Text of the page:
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19 March 2013, 06:36
New figures reveal the number of hospital admissions for people under 30 with alcohol-related liver disease has increased by 400% in the North East.
Nationally the increase was 117%.
Research carried out by Balance, the North East Alcohol Office, has shown that 115 people under the age of 30 were admitted to hospital for alcohol-related liver disease last year, compared to 23 in 2002/03.
Hospital admissions across both genders and for all age ranges have also continued to rise in the North East for alcohol-related liver disease, almost doubling over the last 10 years from 2,088 in 2002/03 to 4,146 in 2011/12.
In England the number of admissions rose from 25,706 in 2002/03 to 49,456 in 2011/12 - an increase of 92%
Dr Steven Masson, Consultant Hepatologist at the Freeman Hospital?s Liver Transplant Unit, said:
"It is extremely worrying that we are seeing an increasing number of younger people diagnosed with alcohol-related liver disease.
Although these figures may seem relatively small, the fact that 115 young people in our region were admitted into the North East hospitals with alcohol-related liver disease in the past year is terrifying.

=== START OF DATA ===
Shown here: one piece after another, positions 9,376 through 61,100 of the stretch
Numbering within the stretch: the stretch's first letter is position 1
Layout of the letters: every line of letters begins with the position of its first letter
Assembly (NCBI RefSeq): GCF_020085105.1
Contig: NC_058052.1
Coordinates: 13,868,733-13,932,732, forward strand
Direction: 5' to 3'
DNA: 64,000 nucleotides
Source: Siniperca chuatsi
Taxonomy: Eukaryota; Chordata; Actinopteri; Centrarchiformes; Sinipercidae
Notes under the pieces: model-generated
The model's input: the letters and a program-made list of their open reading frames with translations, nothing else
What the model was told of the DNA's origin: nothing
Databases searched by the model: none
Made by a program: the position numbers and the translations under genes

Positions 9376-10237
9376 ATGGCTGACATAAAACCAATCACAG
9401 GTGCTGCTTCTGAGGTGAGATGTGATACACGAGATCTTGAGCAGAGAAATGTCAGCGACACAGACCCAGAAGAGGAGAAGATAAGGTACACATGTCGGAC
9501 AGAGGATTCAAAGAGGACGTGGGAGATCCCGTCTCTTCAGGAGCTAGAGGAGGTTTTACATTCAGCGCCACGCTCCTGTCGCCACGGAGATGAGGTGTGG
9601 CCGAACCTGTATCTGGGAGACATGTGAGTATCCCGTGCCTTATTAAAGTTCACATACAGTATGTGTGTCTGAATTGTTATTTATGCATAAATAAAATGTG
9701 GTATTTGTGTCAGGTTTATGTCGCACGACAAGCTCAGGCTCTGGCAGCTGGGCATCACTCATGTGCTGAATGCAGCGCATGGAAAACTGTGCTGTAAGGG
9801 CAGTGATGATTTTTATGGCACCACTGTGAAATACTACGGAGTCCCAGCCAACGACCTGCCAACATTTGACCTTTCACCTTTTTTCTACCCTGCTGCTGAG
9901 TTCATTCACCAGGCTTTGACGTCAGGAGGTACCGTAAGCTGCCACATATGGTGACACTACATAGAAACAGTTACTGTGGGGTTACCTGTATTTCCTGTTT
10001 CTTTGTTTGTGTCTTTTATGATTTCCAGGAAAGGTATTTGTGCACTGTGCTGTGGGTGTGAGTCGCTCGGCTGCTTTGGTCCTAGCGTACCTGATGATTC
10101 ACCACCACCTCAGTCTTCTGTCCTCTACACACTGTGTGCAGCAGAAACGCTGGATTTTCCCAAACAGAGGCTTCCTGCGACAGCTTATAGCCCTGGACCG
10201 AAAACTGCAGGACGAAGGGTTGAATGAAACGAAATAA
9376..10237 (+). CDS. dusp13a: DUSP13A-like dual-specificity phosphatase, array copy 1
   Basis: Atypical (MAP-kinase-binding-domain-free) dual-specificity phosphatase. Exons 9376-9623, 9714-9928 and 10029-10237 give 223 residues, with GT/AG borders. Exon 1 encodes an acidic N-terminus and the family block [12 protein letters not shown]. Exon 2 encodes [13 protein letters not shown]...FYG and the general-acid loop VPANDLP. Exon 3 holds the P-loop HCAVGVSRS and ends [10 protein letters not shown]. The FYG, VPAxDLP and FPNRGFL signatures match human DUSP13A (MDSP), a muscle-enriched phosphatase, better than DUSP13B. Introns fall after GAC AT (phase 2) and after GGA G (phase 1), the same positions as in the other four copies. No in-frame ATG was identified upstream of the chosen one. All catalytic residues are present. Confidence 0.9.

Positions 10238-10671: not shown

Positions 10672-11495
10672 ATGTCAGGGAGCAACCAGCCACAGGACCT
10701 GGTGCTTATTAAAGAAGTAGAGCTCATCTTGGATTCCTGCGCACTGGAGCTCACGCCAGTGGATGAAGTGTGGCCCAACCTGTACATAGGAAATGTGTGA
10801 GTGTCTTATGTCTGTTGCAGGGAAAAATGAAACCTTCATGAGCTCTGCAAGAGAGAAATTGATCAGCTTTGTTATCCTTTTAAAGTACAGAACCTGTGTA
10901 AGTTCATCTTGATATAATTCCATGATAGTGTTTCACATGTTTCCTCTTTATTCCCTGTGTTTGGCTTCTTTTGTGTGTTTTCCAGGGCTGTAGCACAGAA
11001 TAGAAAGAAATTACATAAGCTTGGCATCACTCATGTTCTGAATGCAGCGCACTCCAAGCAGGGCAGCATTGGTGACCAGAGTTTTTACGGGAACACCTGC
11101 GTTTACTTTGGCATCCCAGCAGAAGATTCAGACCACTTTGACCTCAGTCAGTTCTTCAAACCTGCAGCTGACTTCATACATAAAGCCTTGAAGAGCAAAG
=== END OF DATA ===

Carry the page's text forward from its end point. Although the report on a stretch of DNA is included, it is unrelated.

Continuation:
Only a few years ago this disease was extremely rare in people under 30 but unless our drinking habits change, the problem is only set to worsen.
We need to ensure that people are aware of the dangers.
The earlier the age at which people drink, and the more they drink, the greater the chance of developing terminal liver disease in adult life.
Unfortunately in many cases, by the time people are presenting with these symptoms to a specialist the damage has already been done. And the damage is irreversible.
A lot of people think that this sort of thing won't happen to them. It does and sadly it?s something we are seeing more and more. Adults need to drink within the recommended limits - 2-3 units a day, or about two small glasses of wine, for a woman and 3-4 units, or about two pints of low strength beer or lager (3.5%), for a man.
Unless we do something soon, liver specialists across the region are going to be dealing with more and more young people whose lives have been ruined by alcohol."
Alcohol-related liver disease does not usually cause any symptoms until the liver has been extensively damaged but starts with fat deposits in the liver leading to inflammation (steatohepatitis), fibrosis (scar tissue) and ultimately liver failure from Cirrhosis.
Colin Shevills, Director of Balance, the North East Alcohol Office; said:
"These figures demonstrate that we have a real problem and alcohol continues to have a devastating impact on our health.
People are drinking too much from an early age driven by alcohol which is too affordable, too available and too heavily promoted."